This item is part of the Study Room Guide On (W)Reading Performance Writing by Rachel Lois Clapham (P1433)
On Filipina labour and amateur performance in Hong Kong.
Performance Research On Amateurs pg 81-87, Volume 25. No 1 January/ February 2020.
This is a book about falling as a means of reconfiguring our relationship with living and dying. Dancer, choreographer, educator and therapist Emilyn Claid draws inspiration from her personal and professional experiences to explore alternative approaches to being present in the world.
The Maternal in Creative Work examines the interrelation between art, creativity and maternal experience, inviting international artists, theorists and cultural workers to discuss their approaches to the central feminist question of the relation between maternity, generation and creativity.
On dance and performance since 1989 follows the congress of Tanzquartier Wien to which we had invited participants from all over Europe to talk about new geographies and artistic workforms and workspaces in the fields of dance and performance, about the widely interweaved and cross-referencing, often indistinguishable and multiply coded cultural figures of production, reception and reflection.
Bringing together thirty authors variously invested in dance, performance and/or choreography; This Container is a zine for texts produced through and alongside dance, performance and choreography.
One of the first books to examine Somatics in detail and to analyse how and what it teaches in the dance studio, The Natural Body in Somatics Dance Training considers how dancers discover and assimilate new ways of moving and also larger cultural values associated with those movements.
An anthology of critical essays that draw on a decade of the authors thinking, writing about and working within contemporary performance as critics, producers, dramaturgs, makers, archivists and more.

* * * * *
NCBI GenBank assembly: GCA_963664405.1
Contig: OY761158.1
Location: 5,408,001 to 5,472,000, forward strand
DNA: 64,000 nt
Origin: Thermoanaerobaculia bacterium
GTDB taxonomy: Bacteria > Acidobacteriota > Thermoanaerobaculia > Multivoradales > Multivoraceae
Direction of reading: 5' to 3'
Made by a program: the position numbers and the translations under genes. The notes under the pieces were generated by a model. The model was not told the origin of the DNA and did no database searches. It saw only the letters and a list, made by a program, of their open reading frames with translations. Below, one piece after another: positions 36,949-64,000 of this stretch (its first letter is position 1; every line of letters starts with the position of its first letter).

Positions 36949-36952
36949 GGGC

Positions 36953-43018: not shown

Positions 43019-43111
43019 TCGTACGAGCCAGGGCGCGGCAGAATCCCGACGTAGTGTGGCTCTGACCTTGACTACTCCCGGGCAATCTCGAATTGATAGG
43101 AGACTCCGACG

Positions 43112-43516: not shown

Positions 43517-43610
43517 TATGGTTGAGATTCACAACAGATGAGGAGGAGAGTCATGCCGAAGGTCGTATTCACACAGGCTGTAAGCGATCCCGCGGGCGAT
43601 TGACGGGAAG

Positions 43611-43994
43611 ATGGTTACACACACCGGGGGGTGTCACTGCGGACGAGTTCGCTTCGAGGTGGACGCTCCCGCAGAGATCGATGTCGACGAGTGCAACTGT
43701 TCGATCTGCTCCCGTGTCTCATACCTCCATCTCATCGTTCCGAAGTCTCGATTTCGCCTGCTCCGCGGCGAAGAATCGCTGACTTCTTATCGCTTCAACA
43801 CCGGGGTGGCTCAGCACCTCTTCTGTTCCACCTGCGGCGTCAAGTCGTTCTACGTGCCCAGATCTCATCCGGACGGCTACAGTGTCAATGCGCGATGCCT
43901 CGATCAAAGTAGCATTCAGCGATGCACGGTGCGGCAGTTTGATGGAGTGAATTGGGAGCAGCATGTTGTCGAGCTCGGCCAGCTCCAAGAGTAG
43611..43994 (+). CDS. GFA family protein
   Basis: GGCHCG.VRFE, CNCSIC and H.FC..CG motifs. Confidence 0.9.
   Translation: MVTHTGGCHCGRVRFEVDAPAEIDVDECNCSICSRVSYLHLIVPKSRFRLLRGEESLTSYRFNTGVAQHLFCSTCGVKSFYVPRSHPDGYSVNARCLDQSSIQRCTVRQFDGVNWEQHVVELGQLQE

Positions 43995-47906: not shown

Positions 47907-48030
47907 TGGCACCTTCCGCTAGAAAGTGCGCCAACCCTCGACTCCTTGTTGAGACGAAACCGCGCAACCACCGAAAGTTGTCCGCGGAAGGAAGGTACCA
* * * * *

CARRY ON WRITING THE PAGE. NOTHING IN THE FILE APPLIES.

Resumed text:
“Writing the body with the body” consists of fragments taken from performance texts by Stefanie Knobel, which are juxtaposed with a series of pictures created for this volume
Kindly donated for the Swiss live Art Study Room Guide.
In 2014 Project O (Alexandrina Hemsley and Jamila Johnson-Small) began working with Charlotte Cooper and Kay Hyatt on a show called SWAGGA. The work is rooted in dance and draws on other performance traditions, including a live soundtrack by Trash Kit and original compositions by Verity Susman. This collaboration was remarkable because it featured untrained dancers with the kinds of political bodies – fat, queer, older – that are rarely treated as creative, expressive or worthy choreographic subjects. Over two years SWAGGA was refined and performed for audiences around the country. Katarzyna Perlak documented the process and in 2016 created SWAGGA: A Study On Camera, a creative response to the live performance. The result is an extravaganza of mess, antisocial emotions and intersectional feminist sensibility.
SWAGGA: A Study On Camera was first screened by the Live Art Development Agency in 2018 as part of the LADA Screens programme, a series of online screenings of seminal performance documentation, works to camera, short videos, films and archival footage.
Bodies move freely through an ambiguous urban “utopia”…or do they? Shot on 16mm film and digital video.
Documentation of the performance lecture by Swiss based Brazilian artist about their most recent work Trinta y Dois Igual a 5.
Documentation of the evening which featured a screening of short films and performance documentation by artists working around ritual, performance and queer futurity.